Summary: Healthy self-knowledge means that in Christ we know enough to be functional, and indeed our ignorance is the vehicle through which God conveys wisdom, for in Him we are fully known.

Charley Brown says to Lucy, still dispensing sage wisdom for the pre-inflationary price of five cents, "Nobody likes me, Lucy. Everybody hates my guts. Do you see that plane up there, Lucy? It’s a plane full of people going somewhere else. That’s what I’d like to do. I’d like to go somewhere else, somewhere where nobody knows me. Then with new people I could get a fresh start. Do you think that’s what I ought to do, Lucy? Go get a fresh start with new people who don’t know me?!"

And Lucy, herself fresh from yanking away Charley Brown’s football just before, maybe this year, it would be kicked into the stratosphere, and just as adept at yanking away Charley Brown’ a verbal illusions, replies, "Forget it, Charley Brown. Forget it. Once the new people got to know you, you’d be right back where you started from."

The Lucies of this world represent the conventional wisdom: that we will never be accepted. That we will never know enough or be smart enough to be accepted. The Lucies of this world tell us that we are not much and never will be; they know that they know and we don’t.

Lucy is the snob who always has a car more with-it than yours and wears fashions which make your clothes hopelessly dated, because you just don’t get it. Lucy is the man about town, the social butterfly, who is always out having a new and exciting experience, seeing the latest movies, hearing the hippest music, in the know and on the go. The Lucies of this world parade their knowledge, and it really bugs the rest of us who feel as though we can never measure up. The rest of us are Charley Browns, always a day late and a dollar short. We just don’t keep in tune with what’s happening. We don’t know.

One of the ingredients of a healthy life is knowledge. We need, if we are going to live in a healthy way, to know. To know that what we know is worth knowing, and that we are not being deluded by some sort of falsehood. Nothing is more disconcerting than to be with a group of people all of whom know something you don’t know. And until you know what you know and know that it is worth knowing, you will not be healthy. Got that? Until you know what you know and know that it is worth knowing, you will not have a healthy mind. Let me put that positively. A healthy mind knows what it knows and knows that it is valuable; it does not dwell on what it does not know, but uses to the full what it does know.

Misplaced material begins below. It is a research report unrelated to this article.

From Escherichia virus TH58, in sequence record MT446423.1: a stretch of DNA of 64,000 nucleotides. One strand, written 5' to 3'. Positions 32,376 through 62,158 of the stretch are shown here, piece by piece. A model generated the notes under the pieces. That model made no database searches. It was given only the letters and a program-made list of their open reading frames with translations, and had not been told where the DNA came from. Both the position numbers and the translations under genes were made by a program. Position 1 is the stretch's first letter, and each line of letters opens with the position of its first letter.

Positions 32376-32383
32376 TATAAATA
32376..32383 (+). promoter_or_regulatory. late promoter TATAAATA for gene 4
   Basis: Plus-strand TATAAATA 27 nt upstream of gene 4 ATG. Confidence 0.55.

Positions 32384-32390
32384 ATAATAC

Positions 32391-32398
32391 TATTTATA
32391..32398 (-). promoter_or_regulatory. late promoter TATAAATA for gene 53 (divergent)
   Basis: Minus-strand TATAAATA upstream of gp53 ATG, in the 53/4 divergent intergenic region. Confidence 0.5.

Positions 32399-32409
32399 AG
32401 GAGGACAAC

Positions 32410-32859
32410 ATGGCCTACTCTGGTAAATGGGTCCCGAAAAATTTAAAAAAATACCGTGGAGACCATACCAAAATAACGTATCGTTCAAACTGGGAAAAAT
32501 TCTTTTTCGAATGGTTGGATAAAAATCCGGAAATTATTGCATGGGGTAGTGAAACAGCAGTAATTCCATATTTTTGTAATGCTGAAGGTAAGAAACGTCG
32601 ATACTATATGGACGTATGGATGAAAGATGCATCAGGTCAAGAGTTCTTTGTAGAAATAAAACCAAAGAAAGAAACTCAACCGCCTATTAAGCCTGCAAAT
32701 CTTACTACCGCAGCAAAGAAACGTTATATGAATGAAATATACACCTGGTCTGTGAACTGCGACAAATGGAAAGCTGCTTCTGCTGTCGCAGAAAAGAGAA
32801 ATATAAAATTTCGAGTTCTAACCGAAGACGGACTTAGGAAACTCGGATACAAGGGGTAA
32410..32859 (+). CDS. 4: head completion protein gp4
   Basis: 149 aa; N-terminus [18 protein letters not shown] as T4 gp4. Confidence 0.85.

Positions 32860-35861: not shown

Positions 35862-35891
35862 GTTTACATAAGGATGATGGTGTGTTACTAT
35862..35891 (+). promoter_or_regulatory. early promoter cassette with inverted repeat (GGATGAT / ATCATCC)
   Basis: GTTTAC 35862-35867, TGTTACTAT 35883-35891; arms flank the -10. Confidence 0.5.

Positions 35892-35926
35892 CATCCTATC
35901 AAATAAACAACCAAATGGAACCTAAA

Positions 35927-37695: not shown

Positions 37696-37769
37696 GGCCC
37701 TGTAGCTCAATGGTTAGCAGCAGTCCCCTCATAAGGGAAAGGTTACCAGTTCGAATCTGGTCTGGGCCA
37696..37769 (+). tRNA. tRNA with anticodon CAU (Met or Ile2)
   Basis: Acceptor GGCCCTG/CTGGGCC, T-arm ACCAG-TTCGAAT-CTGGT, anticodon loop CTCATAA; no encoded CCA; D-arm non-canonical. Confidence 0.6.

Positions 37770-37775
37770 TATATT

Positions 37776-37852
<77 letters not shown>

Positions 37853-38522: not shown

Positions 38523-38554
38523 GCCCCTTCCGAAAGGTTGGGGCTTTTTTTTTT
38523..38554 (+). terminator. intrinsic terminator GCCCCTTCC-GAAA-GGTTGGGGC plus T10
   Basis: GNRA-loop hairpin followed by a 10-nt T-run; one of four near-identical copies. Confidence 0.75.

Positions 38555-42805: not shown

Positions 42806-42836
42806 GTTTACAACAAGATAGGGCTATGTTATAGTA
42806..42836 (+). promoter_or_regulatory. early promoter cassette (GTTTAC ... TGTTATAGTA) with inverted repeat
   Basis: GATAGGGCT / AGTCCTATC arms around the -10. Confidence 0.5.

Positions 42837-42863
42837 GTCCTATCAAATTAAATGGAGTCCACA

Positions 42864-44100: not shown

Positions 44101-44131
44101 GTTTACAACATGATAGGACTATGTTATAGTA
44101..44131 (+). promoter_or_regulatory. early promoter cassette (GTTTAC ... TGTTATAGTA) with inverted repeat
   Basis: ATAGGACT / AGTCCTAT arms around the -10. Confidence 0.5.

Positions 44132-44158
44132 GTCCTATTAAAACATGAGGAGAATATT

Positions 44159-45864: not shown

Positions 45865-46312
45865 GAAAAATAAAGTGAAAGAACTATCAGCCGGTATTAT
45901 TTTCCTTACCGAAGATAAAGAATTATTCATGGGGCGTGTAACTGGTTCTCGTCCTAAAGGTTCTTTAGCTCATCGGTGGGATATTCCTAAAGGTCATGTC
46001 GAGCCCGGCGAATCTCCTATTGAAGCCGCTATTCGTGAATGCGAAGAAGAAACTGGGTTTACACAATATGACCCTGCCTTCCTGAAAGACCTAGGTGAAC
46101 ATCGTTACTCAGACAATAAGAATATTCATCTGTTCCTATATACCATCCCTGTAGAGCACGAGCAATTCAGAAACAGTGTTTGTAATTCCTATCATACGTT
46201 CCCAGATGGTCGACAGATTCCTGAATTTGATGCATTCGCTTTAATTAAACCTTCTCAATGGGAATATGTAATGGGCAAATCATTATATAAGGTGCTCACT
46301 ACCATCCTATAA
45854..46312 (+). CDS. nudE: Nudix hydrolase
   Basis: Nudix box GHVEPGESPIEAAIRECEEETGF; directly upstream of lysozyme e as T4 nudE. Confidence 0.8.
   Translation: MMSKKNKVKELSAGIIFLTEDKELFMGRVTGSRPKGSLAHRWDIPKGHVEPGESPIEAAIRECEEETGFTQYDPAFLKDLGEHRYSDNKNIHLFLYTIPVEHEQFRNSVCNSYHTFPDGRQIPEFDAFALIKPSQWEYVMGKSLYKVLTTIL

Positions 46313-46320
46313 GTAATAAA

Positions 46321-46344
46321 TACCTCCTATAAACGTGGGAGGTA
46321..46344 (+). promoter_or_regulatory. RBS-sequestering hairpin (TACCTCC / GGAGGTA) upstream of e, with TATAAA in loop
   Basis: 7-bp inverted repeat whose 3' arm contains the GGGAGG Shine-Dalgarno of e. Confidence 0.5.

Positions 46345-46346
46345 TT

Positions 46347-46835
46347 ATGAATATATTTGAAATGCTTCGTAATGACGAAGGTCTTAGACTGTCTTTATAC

Have you ever been to the kind of gathering where everyone seems to be talking a foreign language? I have. I’ve been to meetings where I could not keep up, because they were speaking about things which were Greek to me. Meetings where they were talking about things which they assumed that any twit would know, but I didn’t.

I remember being at one such gathering where everyone \vas prattling on about something called neuro-linguistic programming. Neuro-linguistic programming: How does that grab you? An awesome, impressive name, but I didn’t have the foggiest notion what they were talking about. Frankly, it sounded ominous, like creating some sort of Frankenstein monsters. So I got up enough courage to ask the fellow sitting next to me if he could offer a quick and dirty description of this thing, this new knowledge, neuro-linguistic programming. I was rewarded for my efforts with a long stare over the top of his glasses, and an acid comment to the effect that if I didn’t have the background for it, his explanation would do me no good. You don’t know? Well, obviously, you wouldn’t understand! That was pretty intimidating!

But remember: a healthy mind knows what it knows and knows that it is worth knowing. A healthy mind is not intimidated by what it does not yet know.

This morning I want you to see that the message of Christmas is that Christ is our knowledge. Christ is the wisdom of God, and in Him are gathered up all things worth knowing. And, at the same time, I want you to see that whether you be wise or foolish, whether you be learned or ignorant, the wisdom of God is yours, and you will know. You will know and you will be known, you will be fully known, because of Christ.

The apostle Paul, in dealing with the church at Corinth, found himself struggling with people whose self-esteem was very low. They had been gathered together out of the least of the least: slaves and runaways, ex-prostitutes and one-time thieves, beggars and bumpkins, almost all of them. And most of all, they were ignorant; few had anything like what we would call even the basics of an education, and fewer still had any degree of sophistication. Let’s face it. They were the dregs of their society, yet it was they whom the apostle had pulled together as a church, it was they whom he dared to call the Body of Christ.

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